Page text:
design for UX & accessibility
As web workers, be that designers or developers, it is our job to create not only engaging user experiences but also to ensure an all inclusive design and setup. Making sure our content is presented in the most accessible and easy way will liberate our user to use the web freely and without hinderance, a benefit to all.
please note: the information in this slidedeck is now getting quite old, luckily there’s lots of great progress taking place. Still good to understand the changes.
- thisispopa.com [no longer in production/online]
- talk video on ted.com (Ken Robinson)
- film on V&A – vam.ac.uk
- animatable.com [no longer in development]
How accessible is your website?
The Inclusive New Media Design project aims to educate us as content creators, designer and developers about the accessibility needs of people with intellectual disabilities. While this is very specific – there are advantages which will benefit a wider audience. It is always our aim to work towards an inclusive and accessible website.
useful reading & references
- Web Content Accessibility Guidelines (WCAG) 2.0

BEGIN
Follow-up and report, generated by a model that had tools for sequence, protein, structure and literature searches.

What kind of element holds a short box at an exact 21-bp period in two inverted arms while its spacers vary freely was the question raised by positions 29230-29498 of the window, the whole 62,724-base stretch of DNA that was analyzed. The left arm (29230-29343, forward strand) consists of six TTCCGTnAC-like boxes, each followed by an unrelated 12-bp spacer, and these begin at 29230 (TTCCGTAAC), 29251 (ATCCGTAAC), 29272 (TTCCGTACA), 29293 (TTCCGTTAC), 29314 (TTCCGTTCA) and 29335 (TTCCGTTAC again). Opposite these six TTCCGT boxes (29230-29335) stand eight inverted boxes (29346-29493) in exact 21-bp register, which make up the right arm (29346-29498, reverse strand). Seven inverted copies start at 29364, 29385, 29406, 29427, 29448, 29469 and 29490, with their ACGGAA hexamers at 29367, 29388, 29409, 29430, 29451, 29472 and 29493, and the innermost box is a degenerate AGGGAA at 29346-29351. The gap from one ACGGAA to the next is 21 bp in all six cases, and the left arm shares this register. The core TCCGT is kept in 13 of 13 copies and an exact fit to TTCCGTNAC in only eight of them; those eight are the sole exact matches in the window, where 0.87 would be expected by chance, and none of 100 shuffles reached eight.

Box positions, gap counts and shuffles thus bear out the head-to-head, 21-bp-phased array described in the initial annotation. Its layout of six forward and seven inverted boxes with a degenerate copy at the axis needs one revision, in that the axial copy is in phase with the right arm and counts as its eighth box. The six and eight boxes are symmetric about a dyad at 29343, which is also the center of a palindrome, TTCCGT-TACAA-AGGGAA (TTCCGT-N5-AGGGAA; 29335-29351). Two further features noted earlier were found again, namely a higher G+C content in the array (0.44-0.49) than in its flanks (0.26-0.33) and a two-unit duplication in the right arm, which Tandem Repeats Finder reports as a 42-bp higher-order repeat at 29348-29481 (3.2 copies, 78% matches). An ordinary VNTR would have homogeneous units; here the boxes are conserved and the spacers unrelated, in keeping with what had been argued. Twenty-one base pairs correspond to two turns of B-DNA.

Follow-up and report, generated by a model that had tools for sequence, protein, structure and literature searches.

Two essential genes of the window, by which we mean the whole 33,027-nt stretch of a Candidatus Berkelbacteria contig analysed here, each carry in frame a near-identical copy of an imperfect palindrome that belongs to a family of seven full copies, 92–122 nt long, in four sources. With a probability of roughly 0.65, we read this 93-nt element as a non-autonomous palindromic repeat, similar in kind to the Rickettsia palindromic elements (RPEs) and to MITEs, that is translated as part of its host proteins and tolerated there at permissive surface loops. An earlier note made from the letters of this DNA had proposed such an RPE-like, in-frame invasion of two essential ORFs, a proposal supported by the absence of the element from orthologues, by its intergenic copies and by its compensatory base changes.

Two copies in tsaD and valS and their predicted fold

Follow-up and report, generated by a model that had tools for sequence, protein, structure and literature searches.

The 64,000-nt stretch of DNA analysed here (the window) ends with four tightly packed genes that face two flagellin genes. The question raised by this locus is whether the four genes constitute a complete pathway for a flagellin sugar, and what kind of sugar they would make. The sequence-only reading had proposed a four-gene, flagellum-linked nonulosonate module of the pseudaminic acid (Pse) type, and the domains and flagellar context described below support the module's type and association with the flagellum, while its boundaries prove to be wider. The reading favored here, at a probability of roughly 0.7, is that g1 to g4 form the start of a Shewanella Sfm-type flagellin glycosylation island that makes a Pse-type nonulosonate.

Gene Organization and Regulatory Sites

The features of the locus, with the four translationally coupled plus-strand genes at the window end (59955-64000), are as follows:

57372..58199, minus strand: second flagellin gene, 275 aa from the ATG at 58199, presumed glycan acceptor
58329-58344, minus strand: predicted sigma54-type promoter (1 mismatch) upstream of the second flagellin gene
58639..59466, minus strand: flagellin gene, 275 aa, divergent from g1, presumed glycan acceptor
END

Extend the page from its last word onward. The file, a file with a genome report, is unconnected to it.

- WAI-ARIA Overview
- The Accessibility Project
- Beautiful design for everyone, Ann McMeekin Carrier
- juicy studio, Gez Lemon
- HTML5 accessibility, Steve Faulkner
- Accessibility for the modern web, talk by Derek Featherstone
- W3C: Complete List of Web Accessibility Evaluation Tools
Using one of your online projects – use some of the listed tools to check your work for accessibility issues and let’s discuss possible solutions. Always bear in mind, of course, that no tool results will ever replace user testing or show a complete list of problems. These tools and checks are great helpers but not easy solution finders.
Best to adopt good practice before you start on your thesis project :)
accessibility testing tools
your Venn diagrams from our session